Career Advice Job fairs and Events

Thai and Singapore teams spar and sparkle

Given that 18 teams from top universities in Asia, North America and Europe competed in the 2013 Citi International Case Competition (CICC), taking one of the runner-up spots was no small achievement.

Thammasat University from Thailand, a previous winner of the contest, finished in second place this year. Team member Akkrawin Wetprasit is a BBA student majoring in marketing at the university.

"When we knew we'd made the finals we were surprised," Wetprasit says. "And when we knew we'd got second place, we were actually happy and not disappointed at all. Everything after the final rounds is just an additional joy."

He feels his team was at the top of its game during the competition. "We have two junior-year students with us as well and I think we did pretty well," he says.

Given his team's relative inexperience, Wetprasit feels the quartet handled the pressure very well. "I think our team did a really good job when it came to time management. During our final presentation the judges were allowed to interrupt with questions, so it was really difficult to manage the time for your speech," he says.

Accountancy and finance student Chan Yi was a member of the team from the National University of Singapore which took third place.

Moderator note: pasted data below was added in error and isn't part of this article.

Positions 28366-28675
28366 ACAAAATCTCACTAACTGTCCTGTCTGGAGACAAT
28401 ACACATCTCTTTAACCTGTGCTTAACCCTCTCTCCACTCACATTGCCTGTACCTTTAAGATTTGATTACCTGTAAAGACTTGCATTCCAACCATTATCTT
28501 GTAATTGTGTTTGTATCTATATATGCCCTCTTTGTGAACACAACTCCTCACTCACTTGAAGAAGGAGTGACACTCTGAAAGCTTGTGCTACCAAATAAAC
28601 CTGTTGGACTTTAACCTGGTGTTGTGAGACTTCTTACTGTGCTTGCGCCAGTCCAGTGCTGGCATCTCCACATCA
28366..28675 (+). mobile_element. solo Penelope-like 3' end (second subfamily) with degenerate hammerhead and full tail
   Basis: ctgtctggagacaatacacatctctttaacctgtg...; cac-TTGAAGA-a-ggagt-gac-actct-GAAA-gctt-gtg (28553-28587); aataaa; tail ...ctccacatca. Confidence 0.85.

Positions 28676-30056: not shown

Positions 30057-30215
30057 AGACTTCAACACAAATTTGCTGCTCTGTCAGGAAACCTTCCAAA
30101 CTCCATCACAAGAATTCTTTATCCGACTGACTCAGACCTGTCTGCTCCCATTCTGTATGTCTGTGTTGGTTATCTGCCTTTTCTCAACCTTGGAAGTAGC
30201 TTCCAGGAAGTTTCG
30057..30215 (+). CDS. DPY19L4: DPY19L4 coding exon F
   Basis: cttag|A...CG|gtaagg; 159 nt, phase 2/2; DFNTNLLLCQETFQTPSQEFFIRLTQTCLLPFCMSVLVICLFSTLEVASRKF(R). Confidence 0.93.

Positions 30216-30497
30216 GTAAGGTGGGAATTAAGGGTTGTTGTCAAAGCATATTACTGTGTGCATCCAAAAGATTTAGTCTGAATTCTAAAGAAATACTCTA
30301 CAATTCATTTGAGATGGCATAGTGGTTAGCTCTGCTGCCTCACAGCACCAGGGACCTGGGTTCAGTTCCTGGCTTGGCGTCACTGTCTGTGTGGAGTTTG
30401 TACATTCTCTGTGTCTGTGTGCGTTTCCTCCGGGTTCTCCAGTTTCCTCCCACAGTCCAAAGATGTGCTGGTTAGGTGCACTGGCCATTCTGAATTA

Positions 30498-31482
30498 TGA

"To be honest, I think my team is a little disappointed not to win, but personally, I'm quite okay with it," Chan says. "I think we did a good job and I think my professor is happy with it. Sometimes, it's not all about external validation."

Despite the high intensity of the CICC challenge, Chan still managed to enjoy herself. "I really liked the case - maybe because I'm a girl and it was about jewellery. Sometimes, when you're doing cases at school, they can be pretty boring - about factories and all - but this one was about jewellery, so my online research was about pretty things and that was fun."

Wetprasit concedes that his team was surprised by the nature of the case, which came from Chow Tai Fook Jewellery Group. "Typically, in a case competition, you are presented with a company which is facing a problem and you are asked to find a solution," he says. "But in this case, it's such a great company that's been so successful, it seemed that there was no problem to solve," he says.

Chan says her team experienced similar emotions when the case company was revealed. "But it made us think very creatively," she says.